Info Change India

An archive of knowledge resources of social justice and sustainable development
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Last updateSat, 22 Jul 2017 6am

Linguistic inclusion on the internet

Linguistic inclusion on the internet

By AlokeThakore

Not a single one of the Eighth Schedule Indian languages is used by more...

Net neutrality: Superhighway to digital inclusion

Net neutrality: Superhighway to digital inclusion

By Ashoak Upadhyay

If users have to pay for the services available via the internet unde...

Ambivalent internet: Freedoms and fears

Ambivalent internet: Freedoms and fears

By Shivani Gupta

The internet is not a gender-neutral space. Women from patriarchal backg...

Digital inequality in the Global South

Digital inequality in the Global South

By TT Sreekumar

Studies which focus on information and communication technologies (ICTs)...

Caste concerns in landmark e-governance projects

Caste concerns in landmark e-governance projects

By Rahul De’

Many e-governance programmes in developing countries reach into the furthes...

Dr Binayak Sen, recently nominated to the Planning Commission’s steering committee on health draws attention to starvation in India and says government policies are only adding to the problem

Thirty-seven per cent of India’s adult population, 50% of the scheduled caste (ST) population and 60% of the scheduled tribe (SC) population suffers from chronic undernutrition, according to Dr Binayak Sen, the human rights defender who was recently released on bail by the Supreme Court after being convicted by a Chhattisgarh court of sedition and awarded a life sentence.

“Large sections of the Indian population are chronically in the condition of famine,” said Sen, a paediatrician who ran a clinic in a remote area of Chhattisgarh before his arrest and has been a vocal crusader for better healthcare for the poor. Speaking at a function held to honour his work in the field of health and human rights, in Kolkata, Sen said that the only way these communities have managed to survive all these years is because of their access to common property resources including land, water, forests and biodiversity.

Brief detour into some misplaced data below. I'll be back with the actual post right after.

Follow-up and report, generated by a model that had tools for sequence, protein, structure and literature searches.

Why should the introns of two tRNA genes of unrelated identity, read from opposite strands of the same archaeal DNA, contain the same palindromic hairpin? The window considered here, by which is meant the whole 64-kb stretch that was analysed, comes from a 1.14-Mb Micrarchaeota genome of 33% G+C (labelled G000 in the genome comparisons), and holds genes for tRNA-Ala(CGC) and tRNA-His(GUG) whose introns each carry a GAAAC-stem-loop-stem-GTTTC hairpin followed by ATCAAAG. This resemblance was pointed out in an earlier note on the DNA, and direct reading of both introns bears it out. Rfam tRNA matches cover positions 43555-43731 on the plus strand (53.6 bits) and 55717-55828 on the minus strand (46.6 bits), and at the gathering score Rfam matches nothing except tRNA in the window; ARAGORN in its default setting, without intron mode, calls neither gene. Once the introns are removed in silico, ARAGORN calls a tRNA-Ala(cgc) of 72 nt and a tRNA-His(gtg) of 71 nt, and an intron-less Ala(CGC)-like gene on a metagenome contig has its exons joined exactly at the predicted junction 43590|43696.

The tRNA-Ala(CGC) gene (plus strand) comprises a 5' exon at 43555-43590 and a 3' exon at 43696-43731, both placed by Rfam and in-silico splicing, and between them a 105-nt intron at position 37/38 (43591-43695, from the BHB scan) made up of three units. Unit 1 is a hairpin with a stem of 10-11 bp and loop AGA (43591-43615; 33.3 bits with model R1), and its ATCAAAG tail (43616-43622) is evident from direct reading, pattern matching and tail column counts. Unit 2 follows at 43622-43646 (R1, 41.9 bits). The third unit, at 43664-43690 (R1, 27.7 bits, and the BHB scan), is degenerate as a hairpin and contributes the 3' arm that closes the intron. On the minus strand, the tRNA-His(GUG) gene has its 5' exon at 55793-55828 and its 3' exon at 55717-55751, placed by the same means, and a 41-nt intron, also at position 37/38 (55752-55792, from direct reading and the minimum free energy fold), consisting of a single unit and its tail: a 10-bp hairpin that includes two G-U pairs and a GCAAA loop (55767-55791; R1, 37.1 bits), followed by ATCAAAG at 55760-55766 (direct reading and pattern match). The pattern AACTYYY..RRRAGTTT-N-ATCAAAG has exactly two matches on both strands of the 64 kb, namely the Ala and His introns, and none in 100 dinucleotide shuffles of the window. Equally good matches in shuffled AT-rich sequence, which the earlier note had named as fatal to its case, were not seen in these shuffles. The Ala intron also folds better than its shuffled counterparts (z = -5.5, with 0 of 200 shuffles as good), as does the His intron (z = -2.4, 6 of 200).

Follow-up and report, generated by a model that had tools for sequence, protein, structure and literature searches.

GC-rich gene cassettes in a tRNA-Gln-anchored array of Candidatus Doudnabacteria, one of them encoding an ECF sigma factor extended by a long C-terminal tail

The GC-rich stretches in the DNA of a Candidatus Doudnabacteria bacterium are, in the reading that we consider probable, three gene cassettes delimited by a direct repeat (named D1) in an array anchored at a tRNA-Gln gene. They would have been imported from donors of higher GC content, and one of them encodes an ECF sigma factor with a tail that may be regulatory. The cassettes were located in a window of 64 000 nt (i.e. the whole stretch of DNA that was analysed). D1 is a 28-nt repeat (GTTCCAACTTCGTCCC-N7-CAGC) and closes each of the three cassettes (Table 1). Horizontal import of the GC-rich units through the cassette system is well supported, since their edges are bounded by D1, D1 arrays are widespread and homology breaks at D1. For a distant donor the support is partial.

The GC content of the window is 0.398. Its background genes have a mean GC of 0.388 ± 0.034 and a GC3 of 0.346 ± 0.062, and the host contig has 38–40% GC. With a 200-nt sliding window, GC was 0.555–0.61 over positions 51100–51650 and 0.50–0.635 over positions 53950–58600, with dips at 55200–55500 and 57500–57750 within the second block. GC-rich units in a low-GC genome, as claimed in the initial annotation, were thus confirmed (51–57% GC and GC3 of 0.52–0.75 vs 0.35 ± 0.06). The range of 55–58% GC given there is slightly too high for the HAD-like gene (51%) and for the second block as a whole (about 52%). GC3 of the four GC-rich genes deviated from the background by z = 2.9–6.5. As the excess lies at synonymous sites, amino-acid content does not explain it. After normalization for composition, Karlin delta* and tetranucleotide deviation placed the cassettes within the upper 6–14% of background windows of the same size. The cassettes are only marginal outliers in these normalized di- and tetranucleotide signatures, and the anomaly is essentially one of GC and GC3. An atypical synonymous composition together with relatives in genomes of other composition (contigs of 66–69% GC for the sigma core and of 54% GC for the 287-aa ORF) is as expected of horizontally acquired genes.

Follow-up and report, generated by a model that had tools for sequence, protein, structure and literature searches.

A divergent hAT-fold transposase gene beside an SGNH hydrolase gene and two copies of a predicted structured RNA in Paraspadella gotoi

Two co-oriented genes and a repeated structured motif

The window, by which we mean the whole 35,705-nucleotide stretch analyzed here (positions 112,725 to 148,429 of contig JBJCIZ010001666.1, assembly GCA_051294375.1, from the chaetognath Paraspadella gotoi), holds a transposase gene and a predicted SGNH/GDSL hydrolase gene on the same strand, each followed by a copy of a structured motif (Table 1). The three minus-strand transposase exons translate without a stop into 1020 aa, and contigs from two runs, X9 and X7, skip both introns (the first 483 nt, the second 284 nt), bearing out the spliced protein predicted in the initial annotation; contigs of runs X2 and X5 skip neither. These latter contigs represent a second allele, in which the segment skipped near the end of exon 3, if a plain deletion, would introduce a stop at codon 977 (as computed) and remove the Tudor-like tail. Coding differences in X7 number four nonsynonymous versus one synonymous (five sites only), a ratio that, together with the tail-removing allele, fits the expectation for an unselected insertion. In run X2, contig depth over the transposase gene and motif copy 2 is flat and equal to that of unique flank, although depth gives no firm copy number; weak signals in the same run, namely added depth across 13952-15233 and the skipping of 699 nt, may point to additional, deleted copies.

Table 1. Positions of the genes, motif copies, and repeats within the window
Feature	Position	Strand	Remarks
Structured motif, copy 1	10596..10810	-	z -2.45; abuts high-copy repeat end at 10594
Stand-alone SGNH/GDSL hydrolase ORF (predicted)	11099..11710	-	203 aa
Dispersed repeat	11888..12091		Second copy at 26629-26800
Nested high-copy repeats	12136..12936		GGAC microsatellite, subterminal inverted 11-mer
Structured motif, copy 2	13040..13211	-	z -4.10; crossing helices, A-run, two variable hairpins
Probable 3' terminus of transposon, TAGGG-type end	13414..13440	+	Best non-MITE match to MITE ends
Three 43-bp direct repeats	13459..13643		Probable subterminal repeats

“But now the state wants to assert its right over these resources under the provisions of eminent domain,” which essentially means that “the state is acting as a guarantor for a process of expropriation that is seizing all resources from the poor and handing it over to private interests.”   

Since his release on bail, Sen has been nominated to the Planning Commission’s steering committee on health. He is a strong advocate of universal access to healthcare and, as a member of the People’s Union of Civil Liberties, part of the campaign to roll back ‘black laws’ such as the Armed Forces Special Powers Act, the Unlawful Activities (Prevention) Act, and the British-era law on sedition.

PUCL aims to collect 10 lakh signatures in support of its demand to abolish these laws and raise the issue in Parliament later this year.

Sen recently received the Gwangju prize for human rights, South Korea’s most prestigious award for those working on peace, democracy and justice in Asia. Another rights activist Irom Sharmila, who has been on a hunger strike for more than a decade demanding a repeal of the Armed Forces Special Powers Act in force in her home state of Manipur, is also a recipient of the prize.

Source: The Hindu, May 25, 2011
            The Statesman, May 24, 2011

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